## Theory

In Adam instead of adapting learning rates based on the average first moment as in RMSP, Adam makes use of the average of the second moments of the gradients. Adam. This algorithm calculates the exponential moving average of gradients and square gradients. And the parameters of β1 and β2 are used to control the decay rates of these moving averages. Adam is a combination of two gradient descent methods, Momentum, and RMSP which are explained below.

### Momentum:

This is an optimization algorithm that takes into consideration the 'exponentially weighted average' and accelerates the gradient descent. It is an extension of the gradient descent optimization algorithm.^{[3]}

The Momentum algorithm is solved in two parts. The first is to calculate the position change and the second is to update the old position. The change in the position is given by;

The new position or weights at time t is given by;

Here in the above equation is the Hyperparameter which controls the movement in the search space which is also called as learning rate. And,

*is the derivative function or aggregate of gradients at time t.*

where;

**
**

In the above equations ** and **** are aggregate of gradients at time t and aggregate of gradient at time t-1.
**

Momentum has the effect of dampening down the change in the gradient and, in turn, the step size with each new point in the search space.

### Root Mean Square Propagation (RMSP):

RMSP is an adaptive optimization algorithm that is an improved version of AdaGrad. RMSP tackles to solve the problems of momentum and works well in online settings. ^{[4]} In AdaGrad we take the cumulative summation of squared gradients but, in RMSP we take the 'exponential average'.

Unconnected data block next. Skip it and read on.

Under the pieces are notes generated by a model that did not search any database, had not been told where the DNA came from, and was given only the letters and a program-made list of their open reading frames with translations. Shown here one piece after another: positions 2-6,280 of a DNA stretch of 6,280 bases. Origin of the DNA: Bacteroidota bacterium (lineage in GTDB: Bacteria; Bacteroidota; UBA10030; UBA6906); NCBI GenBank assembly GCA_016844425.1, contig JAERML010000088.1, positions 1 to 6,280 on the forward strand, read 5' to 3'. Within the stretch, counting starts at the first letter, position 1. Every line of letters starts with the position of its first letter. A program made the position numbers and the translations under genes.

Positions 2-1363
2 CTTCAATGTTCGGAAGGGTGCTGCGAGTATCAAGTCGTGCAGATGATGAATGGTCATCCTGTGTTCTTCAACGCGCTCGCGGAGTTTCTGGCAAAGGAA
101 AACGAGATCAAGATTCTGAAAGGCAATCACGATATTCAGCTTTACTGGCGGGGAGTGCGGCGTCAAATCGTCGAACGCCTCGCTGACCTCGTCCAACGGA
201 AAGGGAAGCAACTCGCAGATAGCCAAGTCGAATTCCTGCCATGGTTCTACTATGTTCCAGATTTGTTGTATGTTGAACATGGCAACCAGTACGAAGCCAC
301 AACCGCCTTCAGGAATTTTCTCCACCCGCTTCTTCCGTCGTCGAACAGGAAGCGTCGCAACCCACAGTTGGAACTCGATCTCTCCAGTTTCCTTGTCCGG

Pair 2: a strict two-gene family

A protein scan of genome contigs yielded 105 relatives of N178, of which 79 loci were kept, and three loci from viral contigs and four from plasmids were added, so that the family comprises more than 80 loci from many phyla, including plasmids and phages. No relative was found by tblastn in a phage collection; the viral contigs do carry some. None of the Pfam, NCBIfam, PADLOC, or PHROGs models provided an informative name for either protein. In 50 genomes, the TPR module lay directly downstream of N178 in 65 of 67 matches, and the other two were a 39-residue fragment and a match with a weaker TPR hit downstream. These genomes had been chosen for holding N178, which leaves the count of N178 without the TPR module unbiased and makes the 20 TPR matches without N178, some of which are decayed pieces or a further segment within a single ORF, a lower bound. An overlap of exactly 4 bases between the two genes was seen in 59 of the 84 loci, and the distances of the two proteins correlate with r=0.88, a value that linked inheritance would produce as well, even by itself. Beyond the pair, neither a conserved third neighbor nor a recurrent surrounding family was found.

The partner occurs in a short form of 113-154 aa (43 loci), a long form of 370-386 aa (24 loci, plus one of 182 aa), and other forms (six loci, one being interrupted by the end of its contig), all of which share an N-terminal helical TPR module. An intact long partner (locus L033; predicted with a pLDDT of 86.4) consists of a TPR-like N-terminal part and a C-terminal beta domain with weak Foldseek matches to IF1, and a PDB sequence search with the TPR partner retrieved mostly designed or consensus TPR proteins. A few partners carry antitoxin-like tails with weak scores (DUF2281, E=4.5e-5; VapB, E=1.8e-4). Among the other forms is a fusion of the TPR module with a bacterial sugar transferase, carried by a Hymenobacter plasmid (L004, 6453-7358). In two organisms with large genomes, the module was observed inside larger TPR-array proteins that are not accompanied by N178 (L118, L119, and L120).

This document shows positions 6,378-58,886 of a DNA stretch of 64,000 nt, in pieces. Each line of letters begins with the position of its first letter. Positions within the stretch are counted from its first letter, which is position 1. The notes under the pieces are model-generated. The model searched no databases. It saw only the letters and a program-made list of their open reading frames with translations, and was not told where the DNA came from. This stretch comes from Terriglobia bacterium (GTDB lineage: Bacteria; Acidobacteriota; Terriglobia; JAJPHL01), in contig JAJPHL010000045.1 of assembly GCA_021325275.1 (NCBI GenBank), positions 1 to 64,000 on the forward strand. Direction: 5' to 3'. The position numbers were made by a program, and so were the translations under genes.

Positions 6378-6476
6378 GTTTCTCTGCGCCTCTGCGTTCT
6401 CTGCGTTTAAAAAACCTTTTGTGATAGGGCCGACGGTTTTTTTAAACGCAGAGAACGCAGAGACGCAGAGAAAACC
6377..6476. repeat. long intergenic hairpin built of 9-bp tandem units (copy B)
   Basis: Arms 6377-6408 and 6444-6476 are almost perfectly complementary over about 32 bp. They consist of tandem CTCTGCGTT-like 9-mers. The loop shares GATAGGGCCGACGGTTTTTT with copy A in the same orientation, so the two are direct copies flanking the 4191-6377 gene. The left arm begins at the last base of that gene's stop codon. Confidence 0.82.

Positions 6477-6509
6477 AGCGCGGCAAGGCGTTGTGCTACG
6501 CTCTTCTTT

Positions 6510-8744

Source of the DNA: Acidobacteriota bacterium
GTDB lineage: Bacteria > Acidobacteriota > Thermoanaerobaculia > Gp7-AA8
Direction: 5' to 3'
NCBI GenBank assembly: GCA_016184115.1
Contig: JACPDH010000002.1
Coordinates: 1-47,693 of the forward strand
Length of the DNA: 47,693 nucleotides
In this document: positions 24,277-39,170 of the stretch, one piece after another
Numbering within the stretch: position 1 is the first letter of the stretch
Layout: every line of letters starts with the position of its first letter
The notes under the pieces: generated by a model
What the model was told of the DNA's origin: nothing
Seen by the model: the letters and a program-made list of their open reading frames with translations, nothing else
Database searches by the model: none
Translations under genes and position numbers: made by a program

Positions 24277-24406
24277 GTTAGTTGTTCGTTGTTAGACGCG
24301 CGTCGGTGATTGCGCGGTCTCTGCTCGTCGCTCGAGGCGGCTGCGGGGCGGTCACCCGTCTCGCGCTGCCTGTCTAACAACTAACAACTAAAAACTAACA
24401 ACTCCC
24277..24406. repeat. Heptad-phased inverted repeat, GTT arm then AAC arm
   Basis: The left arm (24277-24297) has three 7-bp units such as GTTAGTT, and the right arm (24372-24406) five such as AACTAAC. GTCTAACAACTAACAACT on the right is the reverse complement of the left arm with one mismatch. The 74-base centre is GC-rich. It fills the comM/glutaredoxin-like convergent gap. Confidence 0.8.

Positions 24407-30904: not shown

It is given by,

**
**

where,

**
**

Here,

Aggregate of gradient at t = **
**

Aggregate of gradient at t - 1 = **
**

Weights at time t = **
**

Weights at time t + 1 = **
**

** = learning rate(Hyperparameter)
**

∂L = derivative of loss function

∂w_t = derivative of weights at t

β = Average parameter

** = constant
**

But as we know these two optimizers explained below have some problems such as generalizing performance. The article ^{[5]} tells us that Adam takes over the attributes of the above two optimizers and builds upon them to give more optimized gradient descent.

## Algorithm

Taking the equations used in the above two optimizers;

**
**

and

Initially, both *mt* and *vt* are set to 0. Both tend to be more biased towards 0 as β1 and β2 are equal to 1. By computing bias-corrected ** and **, this problem is corrected by the Adam optimizer. The equations are as follows;

Now as we are getting used to gradient descent after every iteration and hence it remains controlled and unbiased. Now substitute the new parameters in place of the old ones. We get;

The pseudocode for the Adam optimizer is given below;

**while** *w(t) not converged* **do**

**
**

**
**

**end**

**return** *w(t)*

## Performance

Adam optimizer gives much higher performance results than the other optimizers and outperforms by a big margin for a better-optimized gradient. The diagram below is one example of a performance comparison of all the optimizers.

## Numerical Example

Let's see an example of Adam optimizer. A sample dataset is shown below which is the weight and height of a couple of people. We have to predict the height of a person based on the given weight.

Weight | 60 | 76 | 85 | 76 | 50 | 55 | 100 | 105 | 45 | 78 | 57 | 91 | 69 | 74 | 112 |

Height | 76 | 72.3 | 88 | 60 | 79 | 47 | 67 | 66 | 65 | 61 | 68 | 56 | 75 | 57 | 76 |

The hypothesis function is;

The cost function is;

The optimization problem is defined as, we must find the values of theta which help to minimize the objective function mentioned below;

The cost function with respect to the weights and are;

The initial values of will be set to [10, 1] and the learning rate , is set to 0.01 and setting the parameters , , and as 0.94, 0.9878 and 10^-8 respectively.

**Iteration 1:**

Starting from the first data sample the gradients are;

Here and are initially zero, and are calculated as